Likes Received:
    2
    Location:
    Whyalla SA
    you would need to crack open the top of the box with the button on it to get to the transistors to disable them shell, but i agree with the boys that the insulation doesn't look any good for 240v i would file them in the bin and acquire some new 24v ones from big w or somewhere like that near Xmas time.
     
  13. OP
    OP
    ShellNZ

    ShellNZ Senior Elf

    Joined:
    Jun 17, 2012
    Messages:
    848
    Likes Received:
    1
    Location:
    Karaka, Auckland, NZ
    Find Me On:
    No they dont have a transformer adski
     
  14. OP
    OP
    ShellNZ

    ShellNZ Senior Elf

    Joined:
    Jun 17, 2012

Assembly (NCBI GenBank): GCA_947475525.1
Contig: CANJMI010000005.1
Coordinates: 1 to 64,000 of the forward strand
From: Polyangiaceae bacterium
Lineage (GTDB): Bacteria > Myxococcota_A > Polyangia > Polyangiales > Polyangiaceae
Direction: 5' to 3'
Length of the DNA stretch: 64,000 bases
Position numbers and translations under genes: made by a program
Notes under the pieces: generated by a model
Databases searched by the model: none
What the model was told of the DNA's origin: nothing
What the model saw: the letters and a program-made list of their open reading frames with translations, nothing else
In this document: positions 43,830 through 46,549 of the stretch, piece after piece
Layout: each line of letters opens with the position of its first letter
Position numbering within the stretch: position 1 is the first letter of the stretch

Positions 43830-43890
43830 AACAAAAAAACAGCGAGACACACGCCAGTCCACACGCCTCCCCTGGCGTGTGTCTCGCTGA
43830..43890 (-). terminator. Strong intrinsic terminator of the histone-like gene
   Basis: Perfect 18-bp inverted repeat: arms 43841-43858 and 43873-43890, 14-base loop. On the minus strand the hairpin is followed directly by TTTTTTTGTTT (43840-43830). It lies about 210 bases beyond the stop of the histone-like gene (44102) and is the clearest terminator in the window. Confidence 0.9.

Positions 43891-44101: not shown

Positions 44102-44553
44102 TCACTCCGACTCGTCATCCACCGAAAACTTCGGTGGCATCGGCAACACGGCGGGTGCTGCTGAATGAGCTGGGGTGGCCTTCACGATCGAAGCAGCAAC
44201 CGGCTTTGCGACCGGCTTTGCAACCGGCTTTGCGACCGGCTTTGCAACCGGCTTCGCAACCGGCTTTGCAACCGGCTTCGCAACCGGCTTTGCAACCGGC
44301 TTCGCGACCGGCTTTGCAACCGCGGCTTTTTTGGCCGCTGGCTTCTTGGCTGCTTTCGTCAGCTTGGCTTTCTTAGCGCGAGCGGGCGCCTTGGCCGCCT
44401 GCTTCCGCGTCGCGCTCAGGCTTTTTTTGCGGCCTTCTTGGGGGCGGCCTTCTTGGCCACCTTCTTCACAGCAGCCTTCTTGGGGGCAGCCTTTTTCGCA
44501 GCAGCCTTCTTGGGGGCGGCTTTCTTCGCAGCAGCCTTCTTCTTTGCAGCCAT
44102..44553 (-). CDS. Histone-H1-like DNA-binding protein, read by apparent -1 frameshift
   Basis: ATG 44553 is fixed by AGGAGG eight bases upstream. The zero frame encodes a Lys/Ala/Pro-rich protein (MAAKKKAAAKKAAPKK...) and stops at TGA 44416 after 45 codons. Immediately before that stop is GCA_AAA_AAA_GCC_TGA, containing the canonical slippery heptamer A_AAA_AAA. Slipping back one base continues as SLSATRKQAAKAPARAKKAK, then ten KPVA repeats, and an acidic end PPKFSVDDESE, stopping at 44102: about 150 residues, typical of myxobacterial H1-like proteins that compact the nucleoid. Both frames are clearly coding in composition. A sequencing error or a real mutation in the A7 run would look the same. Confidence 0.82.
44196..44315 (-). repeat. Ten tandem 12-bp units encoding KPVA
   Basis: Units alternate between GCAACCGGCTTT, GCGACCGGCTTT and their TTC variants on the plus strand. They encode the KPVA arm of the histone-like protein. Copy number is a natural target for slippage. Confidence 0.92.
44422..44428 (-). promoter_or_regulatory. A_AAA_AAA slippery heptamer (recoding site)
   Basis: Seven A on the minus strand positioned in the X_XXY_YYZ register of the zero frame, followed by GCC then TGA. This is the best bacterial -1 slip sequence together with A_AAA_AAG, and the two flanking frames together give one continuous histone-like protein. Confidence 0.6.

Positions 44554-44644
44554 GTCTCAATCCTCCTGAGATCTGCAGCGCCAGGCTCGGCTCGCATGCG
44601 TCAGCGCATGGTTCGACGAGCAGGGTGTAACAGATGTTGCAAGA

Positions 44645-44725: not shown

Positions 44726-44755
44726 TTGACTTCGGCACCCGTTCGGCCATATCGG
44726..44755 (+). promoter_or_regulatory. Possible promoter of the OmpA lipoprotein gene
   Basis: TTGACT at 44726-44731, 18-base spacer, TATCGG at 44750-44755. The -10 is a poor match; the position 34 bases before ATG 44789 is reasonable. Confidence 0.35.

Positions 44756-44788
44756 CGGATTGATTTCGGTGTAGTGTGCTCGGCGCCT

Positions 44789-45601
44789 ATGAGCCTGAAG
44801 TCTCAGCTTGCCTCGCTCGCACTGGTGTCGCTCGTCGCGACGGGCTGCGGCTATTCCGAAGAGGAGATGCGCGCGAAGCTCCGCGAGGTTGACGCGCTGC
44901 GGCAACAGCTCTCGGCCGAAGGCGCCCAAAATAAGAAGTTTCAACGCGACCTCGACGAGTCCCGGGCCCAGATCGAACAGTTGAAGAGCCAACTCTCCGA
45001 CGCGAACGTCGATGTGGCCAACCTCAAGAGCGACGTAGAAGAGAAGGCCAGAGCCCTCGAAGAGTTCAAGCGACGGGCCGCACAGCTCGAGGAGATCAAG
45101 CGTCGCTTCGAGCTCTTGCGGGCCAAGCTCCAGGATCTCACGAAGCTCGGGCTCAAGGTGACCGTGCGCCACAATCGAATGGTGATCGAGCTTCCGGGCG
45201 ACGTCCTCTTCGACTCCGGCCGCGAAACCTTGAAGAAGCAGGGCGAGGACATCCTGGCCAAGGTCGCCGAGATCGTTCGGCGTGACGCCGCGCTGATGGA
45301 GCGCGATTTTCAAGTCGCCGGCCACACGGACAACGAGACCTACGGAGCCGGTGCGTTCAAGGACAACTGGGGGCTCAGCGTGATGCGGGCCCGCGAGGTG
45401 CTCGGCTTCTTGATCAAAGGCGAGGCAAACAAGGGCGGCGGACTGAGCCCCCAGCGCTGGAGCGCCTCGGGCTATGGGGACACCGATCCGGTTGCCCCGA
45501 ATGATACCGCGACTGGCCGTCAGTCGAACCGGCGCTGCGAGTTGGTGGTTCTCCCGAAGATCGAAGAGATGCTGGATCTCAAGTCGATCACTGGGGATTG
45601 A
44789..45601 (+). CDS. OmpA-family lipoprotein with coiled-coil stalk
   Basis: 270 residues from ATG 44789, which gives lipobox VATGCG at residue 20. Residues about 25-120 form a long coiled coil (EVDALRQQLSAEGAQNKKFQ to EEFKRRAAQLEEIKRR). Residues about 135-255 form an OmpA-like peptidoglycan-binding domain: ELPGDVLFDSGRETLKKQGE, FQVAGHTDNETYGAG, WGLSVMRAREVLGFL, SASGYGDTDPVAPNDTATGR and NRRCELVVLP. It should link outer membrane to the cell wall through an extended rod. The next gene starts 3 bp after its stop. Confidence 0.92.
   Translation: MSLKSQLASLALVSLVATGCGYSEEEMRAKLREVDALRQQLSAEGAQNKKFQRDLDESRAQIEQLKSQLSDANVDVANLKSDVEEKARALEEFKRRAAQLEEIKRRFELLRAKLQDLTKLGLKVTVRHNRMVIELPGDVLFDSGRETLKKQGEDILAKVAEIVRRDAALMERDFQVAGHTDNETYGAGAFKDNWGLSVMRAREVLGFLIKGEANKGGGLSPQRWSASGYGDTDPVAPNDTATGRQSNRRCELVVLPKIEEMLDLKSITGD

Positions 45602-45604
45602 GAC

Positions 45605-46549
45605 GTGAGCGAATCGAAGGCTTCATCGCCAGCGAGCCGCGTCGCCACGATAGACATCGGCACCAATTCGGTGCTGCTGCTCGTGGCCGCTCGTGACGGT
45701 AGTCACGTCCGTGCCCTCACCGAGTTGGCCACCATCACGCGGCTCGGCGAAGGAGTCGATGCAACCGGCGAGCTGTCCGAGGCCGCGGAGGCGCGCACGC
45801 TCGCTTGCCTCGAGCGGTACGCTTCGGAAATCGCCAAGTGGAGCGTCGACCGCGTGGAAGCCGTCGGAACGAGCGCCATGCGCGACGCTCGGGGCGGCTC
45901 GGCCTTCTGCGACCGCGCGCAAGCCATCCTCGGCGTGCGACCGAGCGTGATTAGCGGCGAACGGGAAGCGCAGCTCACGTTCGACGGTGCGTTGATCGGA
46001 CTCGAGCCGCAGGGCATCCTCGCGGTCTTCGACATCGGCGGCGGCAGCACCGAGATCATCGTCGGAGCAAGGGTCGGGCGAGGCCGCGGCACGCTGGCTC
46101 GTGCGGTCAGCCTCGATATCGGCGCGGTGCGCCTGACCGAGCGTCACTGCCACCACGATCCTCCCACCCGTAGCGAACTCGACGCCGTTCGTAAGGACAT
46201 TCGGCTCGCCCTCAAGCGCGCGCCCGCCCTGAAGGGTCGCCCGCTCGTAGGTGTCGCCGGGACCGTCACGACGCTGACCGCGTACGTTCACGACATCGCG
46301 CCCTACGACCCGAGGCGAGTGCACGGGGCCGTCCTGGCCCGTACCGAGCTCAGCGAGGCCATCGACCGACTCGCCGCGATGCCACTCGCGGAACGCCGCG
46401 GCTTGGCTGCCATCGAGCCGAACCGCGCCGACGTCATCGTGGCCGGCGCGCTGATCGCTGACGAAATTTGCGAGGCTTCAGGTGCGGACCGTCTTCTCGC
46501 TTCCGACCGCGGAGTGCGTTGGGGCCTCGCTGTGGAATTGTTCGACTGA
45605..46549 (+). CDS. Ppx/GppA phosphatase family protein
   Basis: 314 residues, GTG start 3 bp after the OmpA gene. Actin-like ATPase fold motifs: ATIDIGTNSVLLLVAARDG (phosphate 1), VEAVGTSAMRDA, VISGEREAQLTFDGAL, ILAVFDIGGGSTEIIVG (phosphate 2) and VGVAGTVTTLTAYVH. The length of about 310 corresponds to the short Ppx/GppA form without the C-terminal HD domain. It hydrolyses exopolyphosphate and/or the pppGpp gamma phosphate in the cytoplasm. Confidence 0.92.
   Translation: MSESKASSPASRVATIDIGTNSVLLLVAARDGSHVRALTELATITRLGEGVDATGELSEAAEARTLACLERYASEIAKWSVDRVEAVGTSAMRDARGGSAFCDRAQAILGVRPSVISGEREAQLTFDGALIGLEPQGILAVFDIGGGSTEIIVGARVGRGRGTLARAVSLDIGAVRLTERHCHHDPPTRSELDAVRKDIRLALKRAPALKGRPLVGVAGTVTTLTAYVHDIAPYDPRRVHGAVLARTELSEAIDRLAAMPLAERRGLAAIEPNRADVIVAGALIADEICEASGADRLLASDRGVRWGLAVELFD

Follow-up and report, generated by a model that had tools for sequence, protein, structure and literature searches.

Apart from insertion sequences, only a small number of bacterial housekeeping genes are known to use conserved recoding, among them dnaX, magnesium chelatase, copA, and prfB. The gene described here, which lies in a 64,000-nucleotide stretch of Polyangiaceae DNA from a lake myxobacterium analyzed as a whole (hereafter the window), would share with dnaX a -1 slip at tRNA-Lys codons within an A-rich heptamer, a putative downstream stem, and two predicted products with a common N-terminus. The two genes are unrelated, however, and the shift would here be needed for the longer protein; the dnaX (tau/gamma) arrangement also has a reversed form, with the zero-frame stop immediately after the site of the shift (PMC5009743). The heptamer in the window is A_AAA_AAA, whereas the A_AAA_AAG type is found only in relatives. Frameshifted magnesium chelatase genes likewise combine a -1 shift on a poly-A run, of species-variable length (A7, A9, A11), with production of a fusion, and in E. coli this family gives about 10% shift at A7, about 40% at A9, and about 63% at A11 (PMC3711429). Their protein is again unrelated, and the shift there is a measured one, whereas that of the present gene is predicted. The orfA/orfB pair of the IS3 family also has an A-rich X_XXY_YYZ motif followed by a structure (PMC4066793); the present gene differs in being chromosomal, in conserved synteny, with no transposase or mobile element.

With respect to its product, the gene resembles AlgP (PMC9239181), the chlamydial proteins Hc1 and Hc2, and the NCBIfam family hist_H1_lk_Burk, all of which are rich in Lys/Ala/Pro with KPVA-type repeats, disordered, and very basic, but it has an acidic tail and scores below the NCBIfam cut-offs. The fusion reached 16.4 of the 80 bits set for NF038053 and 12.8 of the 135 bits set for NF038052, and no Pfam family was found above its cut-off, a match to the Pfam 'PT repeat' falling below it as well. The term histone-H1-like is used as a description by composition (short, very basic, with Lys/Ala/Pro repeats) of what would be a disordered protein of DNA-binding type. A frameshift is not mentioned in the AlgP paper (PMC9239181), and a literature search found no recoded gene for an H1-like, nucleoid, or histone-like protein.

Messages:
    848
    Likes Received:
    1
    Location:
    Karaka, Auckland, NZ
    Find Me On:
    Just to let ya'll know, they cost NZ$1000 and they are brand new in packaging.

    Would you seriously throw them away? I know if I told my hubby we were binning them my lighting hobby would be over.
     
  15. fasteddy

    fasteddy I have C.L.A.P Global Moderator Generous Elf

    Joined:
    Apr 26, 2010
    Messages:
    6,487
    Likes Received:
    19
    Location:
    Albion Park NSW
    Find Me On:
    If using these then at minimum i would use

    A: RCD (GFCI) protected circuit
    B: Add a fuse to each circuit, i would tend to think a 1 amp or 2 amp fuse will be ample. Maybe get a current reading of them to see what the best fuse rating would be.

    The RCD will protect agianst electrocution

    The fuse will protect against shorts and overload situations
     

Share This Page